Depending on your needs, a minivan may make the most sense—a 7- or 8-seat van beats a 5-seat car on value if you regularly transport that many passengers. Examples include the Chrysler Pacifica, Honda Odyssey, and Kia Sedona. 

ANNUAL COST: $10,036


Medium SUVs

Non-compact sport utility vehicles are the biggest beneficiaries of current low oil prices, keeping them close in annual cost to large sedans. Examples include the Ford Explorer, Honda Pilot, and GMC Acadia. 

ANNUAL COST: $10,265


Large sedans

These cars feature big prices and more tech, thus costing more to repair and insure. They also prioritize power over fuel efficiency. Examples include the Buick LaCrosse, Chevrolet Impala, and Nissan Maxima. 

ANNUAL COST: $10,403


Pickup trucks

With high fuel costs, high cost to insure, and pricey maintenance (such as for 4-wheel drive), pickups rank as the most expensive vehicle to own. Examples include the Chevy Silverado, Ford F-150, and Toyota Tacoma. 

ANNUAL COST: $10,839

How to reduce your cost of driving


Reduce maintenance costs

Spending a little money on preventive maintenance now may save you an expensive repair down the road, so follow the manufacturer-recommended service schedule, and do your own regular checks of fluid levels and tire pressures, too.
Visit a AAA Approved Repair facility if your car needs more extensive work—members receive a 10% discount (up to $50) on regularly priced parts and labor.2


Reduce fuel costs

One way to use less fuel is to make sure you're keeping your vehicle fuel-efficient. That means keeping the tires properly inflated, having your alignment checked, getting regular oil changes, eliminating excess weight in the car (i.e. rarely used sports equipment), and rolling up the windows when driving at high speed.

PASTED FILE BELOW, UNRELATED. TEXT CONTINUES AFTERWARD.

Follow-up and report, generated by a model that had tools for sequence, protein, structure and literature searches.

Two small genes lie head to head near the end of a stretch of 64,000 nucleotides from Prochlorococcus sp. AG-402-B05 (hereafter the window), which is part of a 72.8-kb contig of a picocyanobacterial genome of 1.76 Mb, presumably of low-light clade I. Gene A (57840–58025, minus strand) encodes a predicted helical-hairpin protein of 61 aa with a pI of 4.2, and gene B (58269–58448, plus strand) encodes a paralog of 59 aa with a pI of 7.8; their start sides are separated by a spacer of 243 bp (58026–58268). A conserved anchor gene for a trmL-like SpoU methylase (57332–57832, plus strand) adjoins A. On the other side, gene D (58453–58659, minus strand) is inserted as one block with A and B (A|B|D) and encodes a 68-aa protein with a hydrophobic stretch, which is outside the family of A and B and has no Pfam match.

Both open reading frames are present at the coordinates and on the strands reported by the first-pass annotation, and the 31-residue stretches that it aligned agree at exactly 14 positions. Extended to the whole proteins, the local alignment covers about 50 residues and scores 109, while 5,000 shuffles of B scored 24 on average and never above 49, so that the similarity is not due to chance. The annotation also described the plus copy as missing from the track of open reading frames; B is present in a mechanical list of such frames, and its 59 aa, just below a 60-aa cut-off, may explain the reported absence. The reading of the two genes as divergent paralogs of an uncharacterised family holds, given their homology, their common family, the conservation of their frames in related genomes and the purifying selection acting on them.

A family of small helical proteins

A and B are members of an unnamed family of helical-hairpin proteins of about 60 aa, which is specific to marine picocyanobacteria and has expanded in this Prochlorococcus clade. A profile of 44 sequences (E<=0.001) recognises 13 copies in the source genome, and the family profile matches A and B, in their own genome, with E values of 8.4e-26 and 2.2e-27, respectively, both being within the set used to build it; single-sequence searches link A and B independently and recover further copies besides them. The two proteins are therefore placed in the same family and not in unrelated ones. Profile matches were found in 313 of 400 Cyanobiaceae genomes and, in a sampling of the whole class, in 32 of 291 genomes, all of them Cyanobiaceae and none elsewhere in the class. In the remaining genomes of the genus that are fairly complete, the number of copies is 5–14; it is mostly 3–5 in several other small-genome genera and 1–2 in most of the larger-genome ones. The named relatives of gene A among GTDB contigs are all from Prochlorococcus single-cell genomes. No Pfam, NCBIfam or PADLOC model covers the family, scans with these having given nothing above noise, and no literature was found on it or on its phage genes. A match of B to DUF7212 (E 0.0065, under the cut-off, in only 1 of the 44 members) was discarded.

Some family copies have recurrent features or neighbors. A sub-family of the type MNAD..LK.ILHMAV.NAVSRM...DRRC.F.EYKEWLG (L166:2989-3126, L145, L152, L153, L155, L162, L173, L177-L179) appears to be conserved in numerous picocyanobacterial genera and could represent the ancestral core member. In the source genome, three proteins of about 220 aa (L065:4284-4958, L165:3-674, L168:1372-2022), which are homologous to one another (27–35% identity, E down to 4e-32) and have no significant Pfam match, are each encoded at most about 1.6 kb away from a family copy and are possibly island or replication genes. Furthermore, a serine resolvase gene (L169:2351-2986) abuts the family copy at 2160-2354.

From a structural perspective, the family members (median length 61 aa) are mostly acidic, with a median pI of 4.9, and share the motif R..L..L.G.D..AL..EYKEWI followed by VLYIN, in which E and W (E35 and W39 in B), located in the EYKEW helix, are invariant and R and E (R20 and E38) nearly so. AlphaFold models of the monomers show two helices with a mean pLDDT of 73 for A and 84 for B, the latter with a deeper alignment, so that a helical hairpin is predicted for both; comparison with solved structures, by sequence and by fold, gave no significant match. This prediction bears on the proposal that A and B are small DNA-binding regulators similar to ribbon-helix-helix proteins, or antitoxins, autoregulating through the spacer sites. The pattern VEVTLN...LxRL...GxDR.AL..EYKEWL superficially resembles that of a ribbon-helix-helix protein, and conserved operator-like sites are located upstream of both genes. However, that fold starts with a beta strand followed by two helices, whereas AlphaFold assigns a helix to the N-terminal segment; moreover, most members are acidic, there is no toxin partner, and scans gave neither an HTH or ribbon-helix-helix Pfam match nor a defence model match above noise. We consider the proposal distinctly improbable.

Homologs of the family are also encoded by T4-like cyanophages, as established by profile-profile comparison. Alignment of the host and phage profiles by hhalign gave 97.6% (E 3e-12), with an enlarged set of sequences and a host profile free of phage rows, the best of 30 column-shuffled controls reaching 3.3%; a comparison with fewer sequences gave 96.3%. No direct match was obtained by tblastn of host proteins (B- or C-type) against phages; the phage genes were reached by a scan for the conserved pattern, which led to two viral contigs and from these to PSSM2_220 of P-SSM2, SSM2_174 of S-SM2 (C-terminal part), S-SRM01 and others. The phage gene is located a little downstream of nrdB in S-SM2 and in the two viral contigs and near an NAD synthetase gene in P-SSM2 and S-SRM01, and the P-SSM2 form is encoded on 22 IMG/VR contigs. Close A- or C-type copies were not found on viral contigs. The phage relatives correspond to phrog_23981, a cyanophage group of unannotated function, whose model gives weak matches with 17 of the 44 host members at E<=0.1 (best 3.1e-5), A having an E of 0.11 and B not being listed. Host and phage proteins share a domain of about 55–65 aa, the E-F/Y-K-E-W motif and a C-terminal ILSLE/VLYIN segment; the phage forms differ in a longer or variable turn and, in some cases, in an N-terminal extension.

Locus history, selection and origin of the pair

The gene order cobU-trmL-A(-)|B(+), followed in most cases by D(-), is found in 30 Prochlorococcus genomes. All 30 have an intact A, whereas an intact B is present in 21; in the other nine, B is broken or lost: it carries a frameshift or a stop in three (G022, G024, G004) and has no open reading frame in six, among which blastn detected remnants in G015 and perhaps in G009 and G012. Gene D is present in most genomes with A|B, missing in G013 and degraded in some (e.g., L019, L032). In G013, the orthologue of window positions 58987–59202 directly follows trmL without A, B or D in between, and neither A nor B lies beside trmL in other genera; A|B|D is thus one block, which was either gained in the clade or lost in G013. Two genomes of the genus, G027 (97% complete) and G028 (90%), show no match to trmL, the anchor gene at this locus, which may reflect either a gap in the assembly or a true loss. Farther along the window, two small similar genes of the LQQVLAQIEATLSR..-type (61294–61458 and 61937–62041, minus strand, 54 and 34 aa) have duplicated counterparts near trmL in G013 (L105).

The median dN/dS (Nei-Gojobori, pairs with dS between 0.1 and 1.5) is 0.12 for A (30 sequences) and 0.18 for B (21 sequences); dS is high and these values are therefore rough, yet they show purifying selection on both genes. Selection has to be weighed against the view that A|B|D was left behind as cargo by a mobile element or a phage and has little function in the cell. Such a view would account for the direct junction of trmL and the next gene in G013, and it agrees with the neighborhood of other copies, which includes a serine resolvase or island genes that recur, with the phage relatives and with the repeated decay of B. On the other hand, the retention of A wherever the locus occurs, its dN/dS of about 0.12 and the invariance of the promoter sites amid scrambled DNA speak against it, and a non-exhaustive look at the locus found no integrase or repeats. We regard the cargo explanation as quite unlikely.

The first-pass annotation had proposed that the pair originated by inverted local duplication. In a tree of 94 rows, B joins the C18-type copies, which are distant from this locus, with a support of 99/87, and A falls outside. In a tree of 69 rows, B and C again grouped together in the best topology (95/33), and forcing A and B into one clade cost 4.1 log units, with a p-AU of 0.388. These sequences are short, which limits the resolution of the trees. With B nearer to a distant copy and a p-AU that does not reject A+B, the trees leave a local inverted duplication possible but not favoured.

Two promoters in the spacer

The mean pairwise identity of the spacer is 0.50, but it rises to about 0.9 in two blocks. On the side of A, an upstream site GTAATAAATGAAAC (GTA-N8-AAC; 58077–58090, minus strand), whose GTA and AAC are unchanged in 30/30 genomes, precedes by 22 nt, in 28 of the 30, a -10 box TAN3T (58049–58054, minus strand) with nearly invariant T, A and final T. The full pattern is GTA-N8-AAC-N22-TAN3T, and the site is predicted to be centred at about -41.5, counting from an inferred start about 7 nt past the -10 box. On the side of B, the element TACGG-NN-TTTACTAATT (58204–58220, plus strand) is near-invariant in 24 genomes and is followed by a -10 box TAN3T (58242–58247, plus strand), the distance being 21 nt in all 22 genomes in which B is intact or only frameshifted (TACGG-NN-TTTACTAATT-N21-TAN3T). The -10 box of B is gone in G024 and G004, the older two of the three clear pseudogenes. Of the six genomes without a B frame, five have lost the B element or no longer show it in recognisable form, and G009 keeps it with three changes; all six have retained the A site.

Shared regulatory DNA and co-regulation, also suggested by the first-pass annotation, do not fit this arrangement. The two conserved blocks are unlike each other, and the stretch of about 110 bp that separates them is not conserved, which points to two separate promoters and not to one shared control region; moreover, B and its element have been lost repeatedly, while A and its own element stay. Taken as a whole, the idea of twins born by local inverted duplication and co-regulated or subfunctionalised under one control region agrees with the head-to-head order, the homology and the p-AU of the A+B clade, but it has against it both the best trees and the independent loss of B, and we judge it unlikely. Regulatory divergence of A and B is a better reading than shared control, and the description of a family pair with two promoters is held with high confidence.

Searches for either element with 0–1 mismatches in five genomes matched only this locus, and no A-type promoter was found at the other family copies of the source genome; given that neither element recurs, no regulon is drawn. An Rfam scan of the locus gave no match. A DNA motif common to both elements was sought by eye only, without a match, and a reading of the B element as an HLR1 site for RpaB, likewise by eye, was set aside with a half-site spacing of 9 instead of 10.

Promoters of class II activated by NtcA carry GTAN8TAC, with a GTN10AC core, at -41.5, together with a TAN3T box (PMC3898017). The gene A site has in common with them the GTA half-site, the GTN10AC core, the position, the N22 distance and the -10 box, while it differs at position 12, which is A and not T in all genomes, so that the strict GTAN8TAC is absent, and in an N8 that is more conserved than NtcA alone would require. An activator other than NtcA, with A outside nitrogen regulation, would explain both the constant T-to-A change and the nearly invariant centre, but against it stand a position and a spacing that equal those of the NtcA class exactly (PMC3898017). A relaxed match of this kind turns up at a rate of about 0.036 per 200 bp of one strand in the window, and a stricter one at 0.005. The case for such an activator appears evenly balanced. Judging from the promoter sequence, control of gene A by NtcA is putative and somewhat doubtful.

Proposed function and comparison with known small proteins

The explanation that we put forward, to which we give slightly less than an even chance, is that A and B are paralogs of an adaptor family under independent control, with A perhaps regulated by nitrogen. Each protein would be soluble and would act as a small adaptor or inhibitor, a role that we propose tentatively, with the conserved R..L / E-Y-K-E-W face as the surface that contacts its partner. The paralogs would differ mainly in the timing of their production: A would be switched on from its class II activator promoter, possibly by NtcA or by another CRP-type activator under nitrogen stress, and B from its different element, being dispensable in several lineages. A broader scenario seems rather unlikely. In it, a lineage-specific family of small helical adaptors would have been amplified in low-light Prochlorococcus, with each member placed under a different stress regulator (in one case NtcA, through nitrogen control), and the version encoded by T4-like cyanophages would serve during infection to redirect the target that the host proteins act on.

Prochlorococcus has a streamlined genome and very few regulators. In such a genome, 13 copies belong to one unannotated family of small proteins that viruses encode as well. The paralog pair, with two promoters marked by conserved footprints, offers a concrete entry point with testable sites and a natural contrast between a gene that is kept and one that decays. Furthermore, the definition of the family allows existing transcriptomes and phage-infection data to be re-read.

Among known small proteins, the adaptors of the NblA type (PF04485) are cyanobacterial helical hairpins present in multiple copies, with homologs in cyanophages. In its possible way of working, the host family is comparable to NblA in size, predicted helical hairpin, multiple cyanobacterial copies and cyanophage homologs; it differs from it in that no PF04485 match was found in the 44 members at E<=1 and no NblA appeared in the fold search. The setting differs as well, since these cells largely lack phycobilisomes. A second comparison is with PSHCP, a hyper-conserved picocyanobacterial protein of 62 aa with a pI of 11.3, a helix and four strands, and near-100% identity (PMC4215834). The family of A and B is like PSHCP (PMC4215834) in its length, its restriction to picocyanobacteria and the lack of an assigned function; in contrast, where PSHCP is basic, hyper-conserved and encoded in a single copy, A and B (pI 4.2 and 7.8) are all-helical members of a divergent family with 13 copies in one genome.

Another way is to buy a more efficient vehicle. Look for an all-new eco-friendly ride in the AAA Car Guide if you’re in the market for the next level of fuel efficiency.


Reduce depreciation

As the saying goes, “It’s not the years, it’s the mileage.” The U.S. Department of Transportation estimates the average car is driven 13,500 miles a year, so drive less than that and your car will hold its value longer.
One easy way to put fewer miles on your car is to rent a car for road trips instead of taking your own. With Hertz, AAA members get up to 20% off rentals and free unlimited mileage on most rentals, plus many other benefits. 

1 “AAA: True Cost of Annual Vehicle Ownership Rises to $9,282," American Automobile Association, September 12, 2019. Annual driving cost estimates are based on use of a vehicle for personal transportation over five years and 75,000 miles of ownership. Actual driving costs will vary based on individual driving habits, location, operating conditions, and other factors.
2 If discount is requested. Cannot be combined with any other discount or coupon. Valid AAA membership card must be presented at a AAA Approved Auto Repair facility at time of service.